UPA's newfound Mr. Dependent: Veerappa Moily headed 5 crucial ministries in less than 5 years
The lawyer-tuned politician has headed five crucial ministries in less than five years. He now heads the contentious environment ministry.
A senior Congress party leader and Moily's colleague in the government said Moily is not one to run away from responsibilities, but the task at hand was not very enticing. "Who would want to clear piles of pending files at the fag end of the government, just a few months before elections, at a time when babus are gripped by policy paralysis fearing that investigative agencies would hound them in the next government?" he asked on condition of anonymity.
Moily also seemed to have had his hands full. The oil ministry is a crucial ministry, one of those ‘damned if you do, damned if you don't' kind of decision-making authorities. The environment and forest ministry not only is just as important, but it has long been a magnet of criticism.
According to government officials, the Prime Minister's Office was flooded with complaints from industry that decisions had come to a standstill in the environment ministry.
A recent ET report pointed out that big-ticket projects worth nearly Rs 10 lakh crore were stranded due to delays in approvals from the environment ministry even after panels tasked with appraisal had cleared these projects months ago. UPA leaders were concerned about losing support of the business community to Narendra Modi, the prime ministerial candidate of BJP, who is widely known to be industry-friendly. The concern was also voiced by Congress party vice-president Rahul Gandhi at an industry function hours before Moily was brought in the environment ministry.
Moily said yes to the PM without a moment's hesitation.
But why did Singh turn to Moily? Why not a fresh face or another senior minister? One key reason the UPA leadership picked Moily to lead the environment ministry was the speedy manner in which he managed to turn around the oil ministry in about a year. "He brought out the oil and gas sector from the gloom," says ONGC chairman Sudhir Vasudeva. The ministerial colleague says not only is Moily, a lawyer by profession, well versed with the minutiae of law, he also knows how to run the bureaucracy.
It is these strengths that helped foist Moily to head five crucial ministries in less than five years. He first had a two-year stint in the law ministry. Later, he headed ministries of corporate affairs and power and was made oil minister in October 2012 before being given the additional charge of the environment and forest ministry in December.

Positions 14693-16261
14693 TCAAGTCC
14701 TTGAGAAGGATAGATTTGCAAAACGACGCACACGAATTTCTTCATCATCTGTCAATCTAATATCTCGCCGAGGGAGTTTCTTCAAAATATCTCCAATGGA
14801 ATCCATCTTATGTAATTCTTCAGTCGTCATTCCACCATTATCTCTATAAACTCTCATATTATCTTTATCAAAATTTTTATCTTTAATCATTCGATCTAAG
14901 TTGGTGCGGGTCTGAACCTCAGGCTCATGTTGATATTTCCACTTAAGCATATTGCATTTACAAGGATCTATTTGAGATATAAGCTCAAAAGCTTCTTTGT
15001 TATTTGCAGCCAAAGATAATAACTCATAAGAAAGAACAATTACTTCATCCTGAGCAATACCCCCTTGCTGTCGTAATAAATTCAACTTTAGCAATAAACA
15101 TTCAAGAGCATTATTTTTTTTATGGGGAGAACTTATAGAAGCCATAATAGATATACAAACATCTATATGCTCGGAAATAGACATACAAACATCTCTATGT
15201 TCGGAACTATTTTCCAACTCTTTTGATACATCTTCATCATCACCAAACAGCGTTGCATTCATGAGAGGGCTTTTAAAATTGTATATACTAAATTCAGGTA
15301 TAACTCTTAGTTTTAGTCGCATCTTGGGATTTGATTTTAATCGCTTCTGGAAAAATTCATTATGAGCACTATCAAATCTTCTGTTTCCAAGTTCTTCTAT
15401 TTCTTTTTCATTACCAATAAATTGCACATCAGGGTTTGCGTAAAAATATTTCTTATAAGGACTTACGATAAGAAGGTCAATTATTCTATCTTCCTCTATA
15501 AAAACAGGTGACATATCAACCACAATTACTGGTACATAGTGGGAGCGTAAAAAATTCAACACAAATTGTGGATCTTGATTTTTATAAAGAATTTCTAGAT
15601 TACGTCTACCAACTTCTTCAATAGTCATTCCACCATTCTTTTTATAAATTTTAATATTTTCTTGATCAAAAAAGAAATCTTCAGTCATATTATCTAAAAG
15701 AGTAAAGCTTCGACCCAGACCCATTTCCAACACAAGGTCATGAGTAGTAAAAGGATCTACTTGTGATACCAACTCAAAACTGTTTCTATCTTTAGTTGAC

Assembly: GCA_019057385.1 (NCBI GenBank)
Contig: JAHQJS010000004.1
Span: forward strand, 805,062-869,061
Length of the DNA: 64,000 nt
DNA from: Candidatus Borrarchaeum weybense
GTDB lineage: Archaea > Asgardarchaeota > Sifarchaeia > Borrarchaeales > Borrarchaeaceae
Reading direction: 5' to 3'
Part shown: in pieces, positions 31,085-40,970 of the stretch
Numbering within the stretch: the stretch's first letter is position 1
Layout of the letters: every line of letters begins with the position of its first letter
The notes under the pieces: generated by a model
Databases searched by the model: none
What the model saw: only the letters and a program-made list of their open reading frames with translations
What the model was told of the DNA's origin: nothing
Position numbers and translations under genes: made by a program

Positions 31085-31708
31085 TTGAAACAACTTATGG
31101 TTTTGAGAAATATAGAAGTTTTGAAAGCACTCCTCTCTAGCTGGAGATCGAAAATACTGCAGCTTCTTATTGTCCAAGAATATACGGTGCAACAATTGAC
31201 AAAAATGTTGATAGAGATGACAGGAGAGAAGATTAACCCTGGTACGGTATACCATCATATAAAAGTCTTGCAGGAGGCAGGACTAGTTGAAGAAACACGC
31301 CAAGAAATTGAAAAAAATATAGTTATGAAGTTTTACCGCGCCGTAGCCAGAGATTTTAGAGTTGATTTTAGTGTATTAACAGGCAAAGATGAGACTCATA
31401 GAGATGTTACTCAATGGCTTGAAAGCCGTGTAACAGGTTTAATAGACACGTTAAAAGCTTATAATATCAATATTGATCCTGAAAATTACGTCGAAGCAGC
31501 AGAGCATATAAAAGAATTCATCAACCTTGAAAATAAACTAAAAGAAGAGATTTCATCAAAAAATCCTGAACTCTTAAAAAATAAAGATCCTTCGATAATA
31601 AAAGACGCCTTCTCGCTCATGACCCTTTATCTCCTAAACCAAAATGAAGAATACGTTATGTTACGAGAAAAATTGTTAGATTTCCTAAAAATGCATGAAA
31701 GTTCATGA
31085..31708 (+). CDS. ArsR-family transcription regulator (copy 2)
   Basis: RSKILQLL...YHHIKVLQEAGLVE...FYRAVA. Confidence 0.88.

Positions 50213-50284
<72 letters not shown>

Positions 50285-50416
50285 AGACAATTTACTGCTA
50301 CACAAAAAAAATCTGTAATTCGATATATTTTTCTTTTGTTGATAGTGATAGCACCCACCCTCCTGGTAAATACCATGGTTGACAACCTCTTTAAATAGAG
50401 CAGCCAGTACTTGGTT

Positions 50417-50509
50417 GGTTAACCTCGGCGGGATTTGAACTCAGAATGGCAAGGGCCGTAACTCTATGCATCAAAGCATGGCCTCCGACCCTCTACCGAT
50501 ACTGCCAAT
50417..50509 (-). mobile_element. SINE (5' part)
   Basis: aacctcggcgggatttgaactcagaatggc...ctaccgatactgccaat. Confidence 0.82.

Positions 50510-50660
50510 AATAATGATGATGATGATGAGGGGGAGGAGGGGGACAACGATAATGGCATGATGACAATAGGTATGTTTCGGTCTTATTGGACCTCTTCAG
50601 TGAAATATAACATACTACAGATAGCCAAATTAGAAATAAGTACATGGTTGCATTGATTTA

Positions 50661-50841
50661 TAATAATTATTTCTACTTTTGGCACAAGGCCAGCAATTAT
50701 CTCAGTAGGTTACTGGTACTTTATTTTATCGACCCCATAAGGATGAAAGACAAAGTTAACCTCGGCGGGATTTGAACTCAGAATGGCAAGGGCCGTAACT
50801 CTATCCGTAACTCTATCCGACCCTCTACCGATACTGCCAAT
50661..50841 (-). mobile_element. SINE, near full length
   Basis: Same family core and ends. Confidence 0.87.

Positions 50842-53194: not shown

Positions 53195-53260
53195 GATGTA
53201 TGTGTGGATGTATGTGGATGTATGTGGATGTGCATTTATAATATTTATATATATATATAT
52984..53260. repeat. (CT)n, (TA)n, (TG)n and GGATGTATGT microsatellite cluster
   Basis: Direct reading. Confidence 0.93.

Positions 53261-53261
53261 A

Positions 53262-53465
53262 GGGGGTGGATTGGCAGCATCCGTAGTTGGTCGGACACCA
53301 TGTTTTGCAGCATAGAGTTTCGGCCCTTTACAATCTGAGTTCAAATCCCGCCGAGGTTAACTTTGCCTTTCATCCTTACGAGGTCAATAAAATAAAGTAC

In less than one month, he has cleared more than 280 projects pending environment clearances. On Saturday, ET reported that he relaxed environment clearance norms for coal mine expansion projects, removing a huge bottleneck that has prevented Coal India from meeting growing demand.
Corporates have welcomed Moily's appointment. Moily has raised hopes, according to Cairn India CEO P Elango. "Mr Moily has a compulsive obsession to take decisions without any delay within the contractual framework," he said. Cairn India operates the country's biggest onland oilfield in Rajasthan and was one of the victims of the policy paralysis that had gripped the sector between 2010 and 2012 after it came under the gaze of investigative agencies and the government's auditor. Cairn India now believes the stage is set for investing about $6 billion in raising the block's output by over 70% in next threefour years.
Unlike his predecessor Jaipal Reddy, Moily shifted neither junior employees of the oil minister's office nor senior bureaucrats when he took charge. Moily's own style of work helped put bureaucrats at ease. He happens to be part of the rare breed of ministers who himself wrote notes on the files on several contentious issues. This persuaded officials to be decisive because the buck ended with the minister rather than them in case the decisions came under investigative scrutiny. It was the end of policy paralysis in at least one ministry.
"His approach was simple, take a stand without fear or favour and I will stand by you," says a senior bureaucrat in the oil ministry requesting anonymity. Moily asked officials to take decisions purely on merit and resolve industry issues as per the law, but he refused to tolerate indecisions and delays and this worked, he said.
In less than a month after Moily took over the oil ministry, several key decisions were taken in the ministry. Consumers cheered as the ministry increased the supply of subsidized cooking gas cylinders to nine from six. This was followed by a major reform in diesel prices in January last year. Moily empowered state oil companies to raise diesel prices by 50 paise every month and ensured that they exercise their freedom despite political pressure.
RS Sharma, head of the Ficci hydrocarbon committee and former chairman of ONGC, said the selection of Moily as environment minister is apt. "Fundamentals of Indian economy is strong. Problem is indecisions. Our economy needs five Cabinet ministers like Moily."